STEPHEN Gallacher, who made a promising start to his title bid in the BMW International Open in Cologne yesterday, is determined to return to the scene of a former triumph by earning a spot in next month’s Open Championship.
The 37-year-old Scot won the Lytham Trophy, one of the amateur game’s top events 17 years ago, and doesn’t want to miss the party when the Lancashire course stages the world’s oldest major in a few weeks’ time. “I would love to play the Open because I won the Lytham Trophy on my last visit there in 1995 and I think my best chance in the majors is on courses where I’ve grown up and where the wind doesn’t faze me,” he said.
Gallacher, who is the field for next Monday’s Open qualifying at Sunningdale, opened with a five-under-par 67 in Germany, to trail joint leaders, Marcus Fraser of Australia and Paraguayan Fabrizio Zanotti, by three shots.
“I’m disappointed that I had the chance to go to seven-under and didn’t take it, but I’m delighted with my start nevertheless,” he added.
David Drysdale was on course to join his compatriot at five-under before a bogey-bogey finish saw him to settle for a 69, the same as Colin Montgomerie, Alastair Forsyth and Steven O’Hara.
Peter Whiteford carded a 70 while Paul Lawrie finished level alongside Gary Orr and George Murray. Marc Warren had a 73 to finish one ahead of Craig Lee, with Scott Jamieson is struggling to make the cut following a 74. England’s Chris Wood staged his own version of “The Great Escape” before starting with a seven-under-par 65. Among a number of golfers stuck in traffic and worried they might miss their tee-off times, the 24-year-old from Bristol led a breakaway movement through the fields.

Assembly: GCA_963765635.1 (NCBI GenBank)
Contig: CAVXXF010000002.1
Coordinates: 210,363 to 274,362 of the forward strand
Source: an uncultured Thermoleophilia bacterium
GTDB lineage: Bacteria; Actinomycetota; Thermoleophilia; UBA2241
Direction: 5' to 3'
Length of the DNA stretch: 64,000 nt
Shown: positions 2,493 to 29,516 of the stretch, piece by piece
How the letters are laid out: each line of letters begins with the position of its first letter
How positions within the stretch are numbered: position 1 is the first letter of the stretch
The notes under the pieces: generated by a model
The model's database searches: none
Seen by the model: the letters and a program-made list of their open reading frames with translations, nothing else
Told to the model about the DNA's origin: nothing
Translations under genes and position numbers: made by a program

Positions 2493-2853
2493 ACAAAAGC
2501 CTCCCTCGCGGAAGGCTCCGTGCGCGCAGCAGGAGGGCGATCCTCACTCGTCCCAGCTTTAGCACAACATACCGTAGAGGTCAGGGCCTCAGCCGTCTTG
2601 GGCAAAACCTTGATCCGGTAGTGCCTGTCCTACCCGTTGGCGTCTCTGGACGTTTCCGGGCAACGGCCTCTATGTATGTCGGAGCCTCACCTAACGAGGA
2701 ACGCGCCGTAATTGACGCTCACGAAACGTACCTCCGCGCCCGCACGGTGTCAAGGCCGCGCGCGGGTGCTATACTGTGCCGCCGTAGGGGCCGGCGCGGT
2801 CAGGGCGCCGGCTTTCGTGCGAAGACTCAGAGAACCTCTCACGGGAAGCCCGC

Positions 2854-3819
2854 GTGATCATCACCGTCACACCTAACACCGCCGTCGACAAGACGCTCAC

“We finally decided to leg it when we had gone one kilometre in 20 minutes – it was that bad,” Wood said.
The former England international, still seeking his maiden victory on the European Tour after three runner-up finishes, grabbed no fewer than nine birdies on the Gut Larchenhof course. There were also two bogeys on his card, however, and with a seven-under-par 65 he finished the day one behind Fraser and Zanotti.
“It was the best I’ve putted all year,” added Wood, perhaps best known for his fifth place in the 2008 Open when still an amateur and then his tie for third the following year at Turnberry. Scoring was low following some heavy rain, but that did not help Paul Casey on his latest return from injury. Ten years on from scoring a career-low 62 on the same lay-out, Casey – who missed last week’s US Open to give his shoulder more rest – managed only a 76 to be down near the rear of the 156-strong field.